contribution of women to European football

Earlier this year, UEFA launched a new campaign highlight the game-changing impact that women are making on the European football community.

Each month, UEFA is putting the focus on five individuals, whose work is helping to shape the present and future of football – at all levels of the game. Whether on the pitch, in front of the cameras or in the boardroom, each of our featured game-changers has an inspiring story to tell, setting the perfect example for more women and girls to make their own mark in the game.

In our second instalment, we talk to:

• Riem Hussein, the 2021 UEFA Women's Champions League final referee

• Sarah Zadrazil, Bayern player and #WePlayStrong ambassador

• Nora Häuptle, UEFA Pro Licence coach

• Priscilla Janssens, Stadium venue director

• Jessica Carmikli, Beşiktaş player and mother of two

Riem Hussein: 'Refereeing has given me an opportunity. I feel very privileged!'

Dr Riem Hussein will referee the UEFA Women's Champions League final in Gothenburg on Sunday. Of Palestinian heritage, the German has been refereeing since 2005 and for the last six years, has officiated in the men's third tier, as well as featuring at the Women's EURO in 2017 and the Women's World Cup in 2019. She combines refereeing with working as a pharmacist.

How did you become a referee?

I was a striker in Germany's second division, scoring a lot of goals but always complaining a lot to referees and thinking I could do better. So, I decided to show that I could do better and took the refereeing licence, and I enjoyed it so much. I played on Sundays but whenever possible I would referee on Fridays and Saturdays and started to feel I could have a career and go further. For me, referees who were players have a big advantage, because it gives you a feeling for football, but it is important to have the right mentality and to be able to deal with pressure.

You referee both men's and women's football. Is there a difference and how has the women's game developed?

In men's football, the speed and intensity are higher, so it's more demanding physically, and the management of players is different in terms of different characters, but women's matches are becoming more demanding too. Players have better conditions to train and play professionally, so I have seen the standards rise and you can feel there is something growing. As a referee, we have the responsibility towards the players to show we are also in the best shape, and my national association but also UEFA and FIFA help us with fitness, tactical analysis, improving on-field communication systems and introducing VAR – it is a very professional system, so for me there is no difference between approaching men's and women's games.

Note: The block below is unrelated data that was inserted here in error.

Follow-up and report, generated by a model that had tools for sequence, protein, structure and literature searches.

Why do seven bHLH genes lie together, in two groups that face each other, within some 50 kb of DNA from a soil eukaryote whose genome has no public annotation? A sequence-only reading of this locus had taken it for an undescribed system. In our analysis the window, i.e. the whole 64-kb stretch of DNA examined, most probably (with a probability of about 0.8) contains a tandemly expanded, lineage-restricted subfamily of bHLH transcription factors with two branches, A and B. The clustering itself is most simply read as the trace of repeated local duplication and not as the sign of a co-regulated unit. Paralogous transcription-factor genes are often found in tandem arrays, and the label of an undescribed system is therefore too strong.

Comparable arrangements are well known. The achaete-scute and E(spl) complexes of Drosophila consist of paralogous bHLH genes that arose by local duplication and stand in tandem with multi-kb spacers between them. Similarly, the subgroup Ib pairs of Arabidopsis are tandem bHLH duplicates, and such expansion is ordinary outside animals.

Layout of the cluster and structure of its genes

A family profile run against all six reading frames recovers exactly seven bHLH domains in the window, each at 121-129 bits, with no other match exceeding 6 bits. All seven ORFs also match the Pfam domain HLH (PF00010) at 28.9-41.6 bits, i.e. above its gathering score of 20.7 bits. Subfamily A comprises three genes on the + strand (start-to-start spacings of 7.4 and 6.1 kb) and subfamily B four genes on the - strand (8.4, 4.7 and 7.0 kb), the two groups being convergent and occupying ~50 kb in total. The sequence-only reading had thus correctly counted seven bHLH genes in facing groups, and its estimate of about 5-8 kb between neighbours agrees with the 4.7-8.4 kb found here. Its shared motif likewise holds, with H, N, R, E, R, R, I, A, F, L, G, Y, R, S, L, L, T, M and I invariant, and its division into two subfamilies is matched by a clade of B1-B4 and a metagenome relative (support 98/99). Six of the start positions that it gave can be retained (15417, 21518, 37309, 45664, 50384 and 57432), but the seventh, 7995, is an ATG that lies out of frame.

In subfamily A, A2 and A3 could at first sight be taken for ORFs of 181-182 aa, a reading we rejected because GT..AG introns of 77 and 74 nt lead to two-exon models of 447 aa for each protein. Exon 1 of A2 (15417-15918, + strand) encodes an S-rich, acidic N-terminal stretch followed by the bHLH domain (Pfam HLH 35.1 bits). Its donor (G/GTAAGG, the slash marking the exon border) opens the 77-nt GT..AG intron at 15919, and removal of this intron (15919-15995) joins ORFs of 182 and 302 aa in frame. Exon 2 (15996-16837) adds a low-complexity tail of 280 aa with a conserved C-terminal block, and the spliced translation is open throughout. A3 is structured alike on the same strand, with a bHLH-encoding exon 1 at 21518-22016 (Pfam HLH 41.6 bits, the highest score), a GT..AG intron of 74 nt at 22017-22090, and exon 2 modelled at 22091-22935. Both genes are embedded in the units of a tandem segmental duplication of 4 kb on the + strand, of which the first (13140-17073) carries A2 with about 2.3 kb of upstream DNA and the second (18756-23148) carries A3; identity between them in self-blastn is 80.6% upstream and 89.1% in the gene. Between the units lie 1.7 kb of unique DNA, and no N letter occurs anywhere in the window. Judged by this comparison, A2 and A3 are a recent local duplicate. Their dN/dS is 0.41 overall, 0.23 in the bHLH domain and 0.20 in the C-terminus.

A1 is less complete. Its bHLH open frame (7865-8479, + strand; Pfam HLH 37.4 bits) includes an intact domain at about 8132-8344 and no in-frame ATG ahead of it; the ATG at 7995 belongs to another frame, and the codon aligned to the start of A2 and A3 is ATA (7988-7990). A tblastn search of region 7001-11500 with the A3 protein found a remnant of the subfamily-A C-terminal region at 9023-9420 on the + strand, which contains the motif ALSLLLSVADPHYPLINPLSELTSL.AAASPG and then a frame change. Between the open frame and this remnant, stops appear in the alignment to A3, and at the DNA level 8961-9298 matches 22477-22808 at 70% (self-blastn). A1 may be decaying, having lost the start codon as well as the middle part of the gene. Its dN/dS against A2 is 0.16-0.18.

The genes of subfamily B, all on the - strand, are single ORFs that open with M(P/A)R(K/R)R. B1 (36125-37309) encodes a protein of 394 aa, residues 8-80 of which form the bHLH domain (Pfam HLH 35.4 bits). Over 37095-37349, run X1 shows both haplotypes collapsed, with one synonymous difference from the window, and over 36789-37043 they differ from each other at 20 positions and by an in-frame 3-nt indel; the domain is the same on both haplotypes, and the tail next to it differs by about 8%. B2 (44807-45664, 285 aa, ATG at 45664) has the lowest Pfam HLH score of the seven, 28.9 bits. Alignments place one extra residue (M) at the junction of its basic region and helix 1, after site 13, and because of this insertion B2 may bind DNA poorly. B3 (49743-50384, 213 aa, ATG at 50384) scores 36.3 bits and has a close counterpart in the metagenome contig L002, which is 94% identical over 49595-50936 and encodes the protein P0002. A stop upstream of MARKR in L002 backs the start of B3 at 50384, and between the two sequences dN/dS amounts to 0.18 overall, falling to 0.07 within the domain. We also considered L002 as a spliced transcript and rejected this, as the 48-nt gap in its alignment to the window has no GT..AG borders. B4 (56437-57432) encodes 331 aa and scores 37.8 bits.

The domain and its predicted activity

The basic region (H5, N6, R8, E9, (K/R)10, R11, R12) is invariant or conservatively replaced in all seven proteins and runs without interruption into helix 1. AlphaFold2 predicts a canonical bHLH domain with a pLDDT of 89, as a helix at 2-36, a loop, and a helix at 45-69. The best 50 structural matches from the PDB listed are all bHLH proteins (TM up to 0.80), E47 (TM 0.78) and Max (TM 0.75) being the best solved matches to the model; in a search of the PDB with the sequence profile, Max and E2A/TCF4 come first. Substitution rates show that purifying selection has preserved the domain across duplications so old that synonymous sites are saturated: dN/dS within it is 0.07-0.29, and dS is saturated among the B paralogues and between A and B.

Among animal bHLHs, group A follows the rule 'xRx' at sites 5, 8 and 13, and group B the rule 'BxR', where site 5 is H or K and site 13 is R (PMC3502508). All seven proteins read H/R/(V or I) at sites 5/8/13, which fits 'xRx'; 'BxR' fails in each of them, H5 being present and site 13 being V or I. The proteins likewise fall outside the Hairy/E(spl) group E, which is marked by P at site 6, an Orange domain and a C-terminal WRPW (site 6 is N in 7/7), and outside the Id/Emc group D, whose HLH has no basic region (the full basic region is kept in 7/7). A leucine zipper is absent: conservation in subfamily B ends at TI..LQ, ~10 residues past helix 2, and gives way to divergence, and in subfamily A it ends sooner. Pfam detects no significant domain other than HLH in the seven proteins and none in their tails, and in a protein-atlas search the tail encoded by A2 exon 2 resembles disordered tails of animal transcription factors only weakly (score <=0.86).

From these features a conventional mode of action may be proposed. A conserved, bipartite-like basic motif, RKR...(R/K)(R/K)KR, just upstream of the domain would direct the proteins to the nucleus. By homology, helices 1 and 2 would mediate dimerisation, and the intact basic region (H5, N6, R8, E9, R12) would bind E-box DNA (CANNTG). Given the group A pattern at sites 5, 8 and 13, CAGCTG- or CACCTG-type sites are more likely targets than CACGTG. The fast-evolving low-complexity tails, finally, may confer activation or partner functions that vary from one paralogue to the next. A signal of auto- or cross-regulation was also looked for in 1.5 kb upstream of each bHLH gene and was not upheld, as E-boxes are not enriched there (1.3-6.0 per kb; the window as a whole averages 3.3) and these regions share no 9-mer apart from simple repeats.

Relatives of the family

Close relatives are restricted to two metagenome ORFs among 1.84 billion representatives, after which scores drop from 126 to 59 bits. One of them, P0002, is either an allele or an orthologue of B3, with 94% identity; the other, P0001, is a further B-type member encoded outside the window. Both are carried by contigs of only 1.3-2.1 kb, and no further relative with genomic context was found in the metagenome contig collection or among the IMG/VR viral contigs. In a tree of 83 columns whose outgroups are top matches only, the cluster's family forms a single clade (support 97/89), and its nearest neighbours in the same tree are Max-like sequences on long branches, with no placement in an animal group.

What advice would you give to a girl thinking about taking up refereeing?

Follow what you feel. Motivation has to come from within you, nobody else can give it to you. If you want to be a referee, it would be great. We need good referees, young referees, people interested in refereeing, and that’s why I would never tell her anything else. As a player, I would never have reached a Women's Champions League final or been involved at such a high level at the age of 40, but refereeing has given me the opportunity to play this important role in big matches – I feel very privileged.

Sarah Zadrazil: 'We can grow our audience massively if we give people more access to watch.'

Sarah Zadrazil is a midfielder for FC Bayern Frauen and Austria. Having taken up the game aged five, she began her career at college in America before returning to the Bundesliga at Turbine Potsdam. She is also an ambassador for UEFA's #WePlayStrong, engaging the next generation of female football fans and players through social media videos alongside her friends and team-mates.

Women's football in America led the way for a long time – has the European game caught up?

"I always dreamed about playing in the States because women's football there was so massive, and it was hard at the beginning but I'm glad I went there – it was a great experience. Football in America has always felt like a women's sport with sold-out stadiums and an amazing atmosphere at matches, and that’s what our aim should be here in Europe. On the pitch, I think we have a better technical quality here now. The game has developed on every level. It got way faster, more physical but also technically and you can see that on the field, the pace is fast, you have to be alert all the time because it's a faster game now."

How else can women’s football in Europe continue to develop?

"We can grow our audience massively if we give people more access to watch the matches on TV. I also think it's important that the game can support smaller clubs to keep the domestic leagues competitive. We can see the different

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